{# render a field row, but display a label with text "foo" #}
{{ form_row(, {'label': 'foo'}) }}

The second argument to form_row is an array of variables. The templates provided in Symfony only allow to override the label as shown in the example above.

See “More about Form Variables” to learn about the variables argument.

form_rest(view, variables)

This renders all fields that have not yet been rendered for the given form. It’s a good idea to always have this somewhere inside your form as it’ll render hidden fields for you and make any fields you forgot to render more obvious (since it’ll render the field for you).

{{ form_rest(form) }}



This helper was deprecated in Symfony 2.3 and will be removed in Symfony 3.0. You should use form_start() instead.

If the form contains at least one file upload field, this will render the required enctype="multipart/form-data" form attribute. It’s always a good idea to include this in your form tag:

<form action="{{ path('form_submit') }}" method="post" {{ form_enctype(form) }}>

Form Tests Reference

Tests can be executed by using the is operator in Twig to create a condition. Read the Twig documentation for more information.


This test will check if the current choice is equal to the selected_value or if the current choice is in the array (when selected_value is an array).

<option {% if choice is selectedchoice(value) %} selected="selected"{% endif %} ...>

More about Form Variables


For a full list of variables, see: Form Variables Reference.

In almost every Twig function above, the final argument is an array of “variables” that are used when rendering that one part of the form. For example, the following would render the “widget” for a field, and modify its attributes to include a special class:

{# render a widget, but add a "foo" class to it #}
{{ form_widget(, { 'attr': {'class': 'foo'} }) }}

The purpose of these variables - what they do & where they come from - may not be immediately clear, but they’re incredibly powerful. Whenever you render any part of a form, the block that renders it makes use of a number of variables. By default, these blocks live inside form_div_layout.html.twig.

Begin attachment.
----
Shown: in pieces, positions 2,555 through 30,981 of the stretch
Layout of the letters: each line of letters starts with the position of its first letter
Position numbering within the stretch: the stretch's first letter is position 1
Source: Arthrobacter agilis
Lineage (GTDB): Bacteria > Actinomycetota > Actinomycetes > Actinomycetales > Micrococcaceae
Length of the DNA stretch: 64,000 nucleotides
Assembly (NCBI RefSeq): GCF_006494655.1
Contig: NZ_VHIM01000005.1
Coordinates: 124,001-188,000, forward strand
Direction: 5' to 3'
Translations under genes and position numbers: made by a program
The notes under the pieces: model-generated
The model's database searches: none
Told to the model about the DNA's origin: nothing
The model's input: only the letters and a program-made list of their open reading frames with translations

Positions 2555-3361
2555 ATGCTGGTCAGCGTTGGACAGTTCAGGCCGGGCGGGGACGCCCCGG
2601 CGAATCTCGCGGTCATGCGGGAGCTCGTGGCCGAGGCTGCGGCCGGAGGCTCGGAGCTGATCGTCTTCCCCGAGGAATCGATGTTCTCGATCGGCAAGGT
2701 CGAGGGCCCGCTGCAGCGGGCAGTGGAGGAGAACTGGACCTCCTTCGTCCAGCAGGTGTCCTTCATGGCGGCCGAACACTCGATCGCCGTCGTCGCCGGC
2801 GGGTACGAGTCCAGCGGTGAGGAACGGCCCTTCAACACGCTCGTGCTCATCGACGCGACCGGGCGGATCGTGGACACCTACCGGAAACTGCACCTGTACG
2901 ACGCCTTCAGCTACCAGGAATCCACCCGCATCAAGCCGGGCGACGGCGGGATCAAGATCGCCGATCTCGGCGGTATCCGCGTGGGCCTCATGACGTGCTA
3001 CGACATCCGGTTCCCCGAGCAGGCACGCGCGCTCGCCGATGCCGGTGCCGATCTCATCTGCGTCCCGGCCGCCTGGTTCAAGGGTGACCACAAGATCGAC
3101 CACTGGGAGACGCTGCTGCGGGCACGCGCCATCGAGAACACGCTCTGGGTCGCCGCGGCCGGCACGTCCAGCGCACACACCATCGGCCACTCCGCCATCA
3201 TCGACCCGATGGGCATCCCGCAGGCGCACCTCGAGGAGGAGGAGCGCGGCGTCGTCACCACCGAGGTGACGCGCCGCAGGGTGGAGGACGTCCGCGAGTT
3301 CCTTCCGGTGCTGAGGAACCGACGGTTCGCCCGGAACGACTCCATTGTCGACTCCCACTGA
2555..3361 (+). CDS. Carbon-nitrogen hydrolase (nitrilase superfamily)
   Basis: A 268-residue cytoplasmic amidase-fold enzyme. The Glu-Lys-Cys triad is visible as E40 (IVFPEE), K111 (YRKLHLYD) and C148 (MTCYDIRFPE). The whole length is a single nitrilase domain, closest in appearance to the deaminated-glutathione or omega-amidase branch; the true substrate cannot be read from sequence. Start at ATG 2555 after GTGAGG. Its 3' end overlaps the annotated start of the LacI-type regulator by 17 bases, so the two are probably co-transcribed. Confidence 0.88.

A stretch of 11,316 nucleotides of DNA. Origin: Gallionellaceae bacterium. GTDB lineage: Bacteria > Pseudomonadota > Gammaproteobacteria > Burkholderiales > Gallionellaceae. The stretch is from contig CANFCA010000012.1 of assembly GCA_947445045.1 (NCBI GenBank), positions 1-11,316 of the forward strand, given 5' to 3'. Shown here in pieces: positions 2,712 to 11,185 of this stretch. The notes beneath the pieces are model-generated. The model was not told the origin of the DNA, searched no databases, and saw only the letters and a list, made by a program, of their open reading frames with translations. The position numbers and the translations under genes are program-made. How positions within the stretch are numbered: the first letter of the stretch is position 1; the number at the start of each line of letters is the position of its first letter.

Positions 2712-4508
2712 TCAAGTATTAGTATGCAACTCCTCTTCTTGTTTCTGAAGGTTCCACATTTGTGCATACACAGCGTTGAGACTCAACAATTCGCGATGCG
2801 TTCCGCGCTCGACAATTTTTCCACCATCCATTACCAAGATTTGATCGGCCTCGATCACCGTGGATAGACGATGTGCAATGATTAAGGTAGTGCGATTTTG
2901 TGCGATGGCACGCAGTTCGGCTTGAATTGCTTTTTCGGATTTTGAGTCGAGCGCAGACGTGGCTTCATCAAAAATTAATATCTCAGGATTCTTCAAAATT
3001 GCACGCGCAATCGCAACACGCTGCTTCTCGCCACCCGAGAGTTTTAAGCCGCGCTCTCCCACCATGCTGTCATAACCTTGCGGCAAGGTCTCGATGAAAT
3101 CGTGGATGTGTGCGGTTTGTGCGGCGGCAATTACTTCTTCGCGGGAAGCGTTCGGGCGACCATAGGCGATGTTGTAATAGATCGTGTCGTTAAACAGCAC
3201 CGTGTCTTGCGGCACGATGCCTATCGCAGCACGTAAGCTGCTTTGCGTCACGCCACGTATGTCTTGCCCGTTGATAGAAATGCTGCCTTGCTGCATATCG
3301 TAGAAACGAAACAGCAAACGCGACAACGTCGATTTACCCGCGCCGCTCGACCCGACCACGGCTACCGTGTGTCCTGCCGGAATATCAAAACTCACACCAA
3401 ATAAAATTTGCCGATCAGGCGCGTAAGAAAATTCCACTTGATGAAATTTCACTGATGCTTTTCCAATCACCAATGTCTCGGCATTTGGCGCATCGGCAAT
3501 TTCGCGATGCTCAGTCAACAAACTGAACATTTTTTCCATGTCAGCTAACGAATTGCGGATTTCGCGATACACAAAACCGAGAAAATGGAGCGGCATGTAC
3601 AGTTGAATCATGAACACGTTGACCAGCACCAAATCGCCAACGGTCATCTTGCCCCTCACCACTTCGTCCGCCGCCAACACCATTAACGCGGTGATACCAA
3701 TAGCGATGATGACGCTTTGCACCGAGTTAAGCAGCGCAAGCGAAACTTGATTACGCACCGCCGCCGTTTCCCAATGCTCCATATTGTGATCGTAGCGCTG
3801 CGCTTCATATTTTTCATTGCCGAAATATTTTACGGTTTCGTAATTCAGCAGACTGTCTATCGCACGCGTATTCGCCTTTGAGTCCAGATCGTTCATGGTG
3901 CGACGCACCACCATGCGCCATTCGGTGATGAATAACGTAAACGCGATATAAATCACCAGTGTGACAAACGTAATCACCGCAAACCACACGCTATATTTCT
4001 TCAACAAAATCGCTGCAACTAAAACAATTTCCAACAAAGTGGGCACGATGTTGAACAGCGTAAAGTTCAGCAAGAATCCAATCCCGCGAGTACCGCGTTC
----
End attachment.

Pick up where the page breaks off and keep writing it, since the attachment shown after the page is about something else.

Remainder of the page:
Look at the form_label as an example:

{% block form_label %}
    {% if not compound %}
        {% set label_attr = label_attr|merge({'for': id}) %}
    {% endif %}
    {% if required %}
        {% set label_attr = label_attr|merge({'class': (label_attr.class|default('') ~ ' required')|trim}) %}
    {% endif %}
    {% if label is empty %}
        {% set label = name|humanize %}
    {% endif %}
    <label{% for attrname, attrvalue in label_attr %} {{ attrname }}="{{ attrvalue }}"{% endfor %}>{{ label|trans({}, translation_domain) }}</label>
{% endblock form_label %}

This block makes use of several variables: compound, label_attr, required, label, name and translation_domain. These variables are made available by the form rendering system. But more importantly, these are the variables that you can override when calling form_label (since in this example, you’re rendering the label).

The exact variables available to override depends on which part of the form you’re rendering (e.g. label versus widget) and which field you’re rendering (e.g. a choice widget has an extra expanded option). If you get comfortable with looking through form_div_layout.html.twig, you’ll always be able to see what options you have available.